The perfect party dish-fondue lets your guests be their own personal chefs.
There's nothing as festive as a fondue party—sitting around a sizzling pot encircled by all kinds of delicious sauces and dips. Best of all, even the host can have fun because everything can be prepared ahead of time. Every diner becomes their own personal chef as they cook whatever catches their fancy.
A good heat source is needed for all types of fondue. A warmer fueled by tea lights is unsuitable (except in the case of the heat-sensitive chocolate fondue) because it doesn't get hot enough. Modern fondue pots contain a replaceable aluminum container that can be filled with sterno, which is easier to handle, less hazardous to use, and has less of an odor than old-fashioned alcohol burners. As an alternative, you can use electric hotplates and electric fondue pots, which allow you to adjust the temperature depending on the type of fondue you are making. For example, a cheese fondue should be kept at 185°F, a stock fondue at 212°F, and an oil fondue at 350°F.
An oil fondue requires a high temperature and, therefore, a pot made of a highly conductive material, such as cast-iron, stainless steel, or copper. The pot should narrow slightly at the top to prevent the oil or broth from spattering. For an oil fondue, it is wise to use a spatter guard that simultaneously serves as a fork holder. Be sure to read the manufacturer's instructions thoroughly before using a fondue pot.
Fondue forks are long and have 1-2 thin tines at the end. Ideally, the forks should be color-coded so that each diner can retrieve his or her own personal tidbit after it has finished cooking. Fondue forks are used only for cooking, so the diner won't burn his or her mouth after cooking the morsel; the food is eaten with regular silverware after being removed from the fondue fork. Provide 1-2 fondue forks for each person. A wide variety of fondue plates can be found in housewares stores. Most are divided into sections for meat, fish, vegetables, and sauces, but you can also use regular dinner plates.
Fondue oils must be heated to 350°F, because, especially in the case of meat, this temperature causes the food's pores to close quickly so that no juice can escape and no oil can penetrate. The most suitable oils are those you would use for deep-frying—odorless and flavorless vegetable-based oils such as sunflower oil, peanut oil, canola oil, or soybean oil. Butter, margarine, and cold-pressed oils should not be used for fondue, as they have very low smoke points. Fill the fondue pot halfway with oil, cover, and let it heat. To test the oil's temperature, insert the handle of a wooden spoon into the oil. If you see small bubbles forming around the handle, the oil is ready for cooking.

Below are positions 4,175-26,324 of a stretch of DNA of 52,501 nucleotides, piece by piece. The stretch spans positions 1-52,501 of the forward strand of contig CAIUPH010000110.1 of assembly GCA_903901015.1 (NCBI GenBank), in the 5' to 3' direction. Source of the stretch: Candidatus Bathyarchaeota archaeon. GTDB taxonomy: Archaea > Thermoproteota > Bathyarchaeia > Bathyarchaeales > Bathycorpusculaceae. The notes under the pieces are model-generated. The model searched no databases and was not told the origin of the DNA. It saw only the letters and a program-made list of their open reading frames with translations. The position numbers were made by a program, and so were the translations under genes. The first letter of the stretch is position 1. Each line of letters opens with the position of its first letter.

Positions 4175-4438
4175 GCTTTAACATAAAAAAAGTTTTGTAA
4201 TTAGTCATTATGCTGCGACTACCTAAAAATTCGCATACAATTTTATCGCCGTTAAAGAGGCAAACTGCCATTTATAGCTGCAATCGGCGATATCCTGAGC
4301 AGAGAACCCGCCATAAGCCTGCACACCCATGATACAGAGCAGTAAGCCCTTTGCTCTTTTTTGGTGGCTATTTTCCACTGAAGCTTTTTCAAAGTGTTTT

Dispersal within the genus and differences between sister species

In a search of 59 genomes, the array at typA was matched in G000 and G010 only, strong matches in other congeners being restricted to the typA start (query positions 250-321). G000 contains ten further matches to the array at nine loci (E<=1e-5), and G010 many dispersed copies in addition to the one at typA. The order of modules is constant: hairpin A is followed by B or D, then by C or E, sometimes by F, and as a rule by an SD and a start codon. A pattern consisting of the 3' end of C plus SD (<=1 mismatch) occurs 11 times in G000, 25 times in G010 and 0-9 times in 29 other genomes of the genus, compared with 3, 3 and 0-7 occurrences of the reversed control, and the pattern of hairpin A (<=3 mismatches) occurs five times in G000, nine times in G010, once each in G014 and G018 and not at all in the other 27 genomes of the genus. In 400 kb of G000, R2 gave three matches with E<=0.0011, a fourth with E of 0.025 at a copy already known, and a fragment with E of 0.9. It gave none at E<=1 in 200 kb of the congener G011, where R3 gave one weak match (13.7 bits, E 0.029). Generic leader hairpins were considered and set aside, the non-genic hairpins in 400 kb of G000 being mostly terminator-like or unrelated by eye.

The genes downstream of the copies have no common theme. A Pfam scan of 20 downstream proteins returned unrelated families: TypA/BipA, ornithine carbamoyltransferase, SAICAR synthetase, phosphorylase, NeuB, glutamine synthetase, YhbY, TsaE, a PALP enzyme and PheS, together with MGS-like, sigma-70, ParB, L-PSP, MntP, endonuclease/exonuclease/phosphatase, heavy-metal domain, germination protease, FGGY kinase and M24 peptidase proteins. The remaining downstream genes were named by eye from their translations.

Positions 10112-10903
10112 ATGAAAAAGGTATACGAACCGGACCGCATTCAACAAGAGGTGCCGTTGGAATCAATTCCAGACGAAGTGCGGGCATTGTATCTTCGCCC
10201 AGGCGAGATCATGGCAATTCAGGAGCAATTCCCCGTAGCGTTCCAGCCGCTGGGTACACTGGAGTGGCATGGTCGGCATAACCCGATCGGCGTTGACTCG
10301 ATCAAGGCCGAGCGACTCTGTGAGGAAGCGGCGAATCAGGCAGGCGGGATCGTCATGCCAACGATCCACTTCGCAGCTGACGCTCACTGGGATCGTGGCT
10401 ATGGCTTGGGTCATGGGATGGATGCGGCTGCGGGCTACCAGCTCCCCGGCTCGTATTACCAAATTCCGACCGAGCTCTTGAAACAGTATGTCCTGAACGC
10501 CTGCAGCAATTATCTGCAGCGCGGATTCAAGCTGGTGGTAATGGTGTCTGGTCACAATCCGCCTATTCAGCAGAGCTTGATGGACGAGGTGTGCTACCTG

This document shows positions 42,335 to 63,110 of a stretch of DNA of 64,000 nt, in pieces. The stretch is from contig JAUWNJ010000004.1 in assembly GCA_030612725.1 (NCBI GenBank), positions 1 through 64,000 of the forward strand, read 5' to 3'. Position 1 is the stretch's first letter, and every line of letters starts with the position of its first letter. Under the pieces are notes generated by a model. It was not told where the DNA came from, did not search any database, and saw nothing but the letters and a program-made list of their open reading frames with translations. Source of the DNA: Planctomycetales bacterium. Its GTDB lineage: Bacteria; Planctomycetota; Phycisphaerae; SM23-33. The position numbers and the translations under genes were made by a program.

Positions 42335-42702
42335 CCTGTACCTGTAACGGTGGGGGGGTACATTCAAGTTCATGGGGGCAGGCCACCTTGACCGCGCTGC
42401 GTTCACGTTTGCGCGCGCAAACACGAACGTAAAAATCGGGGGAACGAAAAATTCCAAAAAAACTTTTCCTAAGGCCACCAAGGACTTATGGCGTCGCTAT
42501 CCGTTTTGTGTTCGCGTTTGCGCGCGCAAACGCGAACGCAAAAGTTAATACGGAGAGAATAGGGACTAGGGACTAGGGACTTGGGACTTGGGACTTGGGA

After the meal, when the oil has completely cooled, pour it through a paper coffee filter and store it in a cool, dark place. If strained properly, you can reuse the oil 1-2 times for a fondue or for deep-frying. When you dispose of oil, don't pour it down the drain. Instead, discard it in a proper container—an empty cardboard milk carton or used coffee tin are good choices.
Whether you're cooking meat, poultry, fish, vegetables, or fruits, be sure to use top-quality ingredients. For beef, choose fillets, loin cuts, rump, and any type of steak. For pork, choose tenderloin or cutlets. For poultry, use boneless breast meat. For seafood, choose fish fillets or peeled shrimp. Vegetables and fruits should be fresh, ripe, and free of holes or other blemishes.
Stock fondues, which originated in Asia, are fondues in which the ingredients are cooked in stock instead of oil. This type of fondue is steadily gaining in popularity in our part of the world because it unites simple, healthy cooking with interesting, ethnic flavors. Stock fondues can be prepared in a meat fondue pot, in a saucepan, or in a small wok. If you want to be truly authentic, you can serve it in a hot pot.
To ensure quick, even cooking, the ingredients for a stock fondue should be chopped as finely as possible.
To make thin strips and cubes: first cut meat, fish, and vegetables into thin slices, then stack the slices and cut them into thin strips. If desired, you can then cut the strips into cubes.
To ease cutting meat, wrap it well and place it in the freezer for about 1 hour. This will make the meat firm for cutting even pieces. For vegetables, the following general rule applies: When the vegetable has a soft texture (for example, mushrooms, snow peas, leeks, and green onions), the pieces should be left large. When the vegetable has a firm texture (for example, carrots, celery root, broccoli, cauliflower, Brussels sprouts, and beans), the pieces need to be cut smaller and may need to be partially cooked (blanched).
If you have the time and the inclination, it's worth making your stock for fondue from scratch. You can even prepare it ahead of time and freeze it. If you're in a hurry, use good-quality, low-sodium stock from a can. The stock must be light so that the ingredients retain their unique flavor when cooked. While you're cooking the fondue, the stock will become so hearty that you can enjoy it after-wards as a light soup.
Basic Chicken Stock (about 6 cups)
Basic Meat Stock (about 6 cups):
If you're planning to serve fondue to a greater or lesser number of people than is specified in a recipe, here are a some guidelines for shopping. For each person, plan on: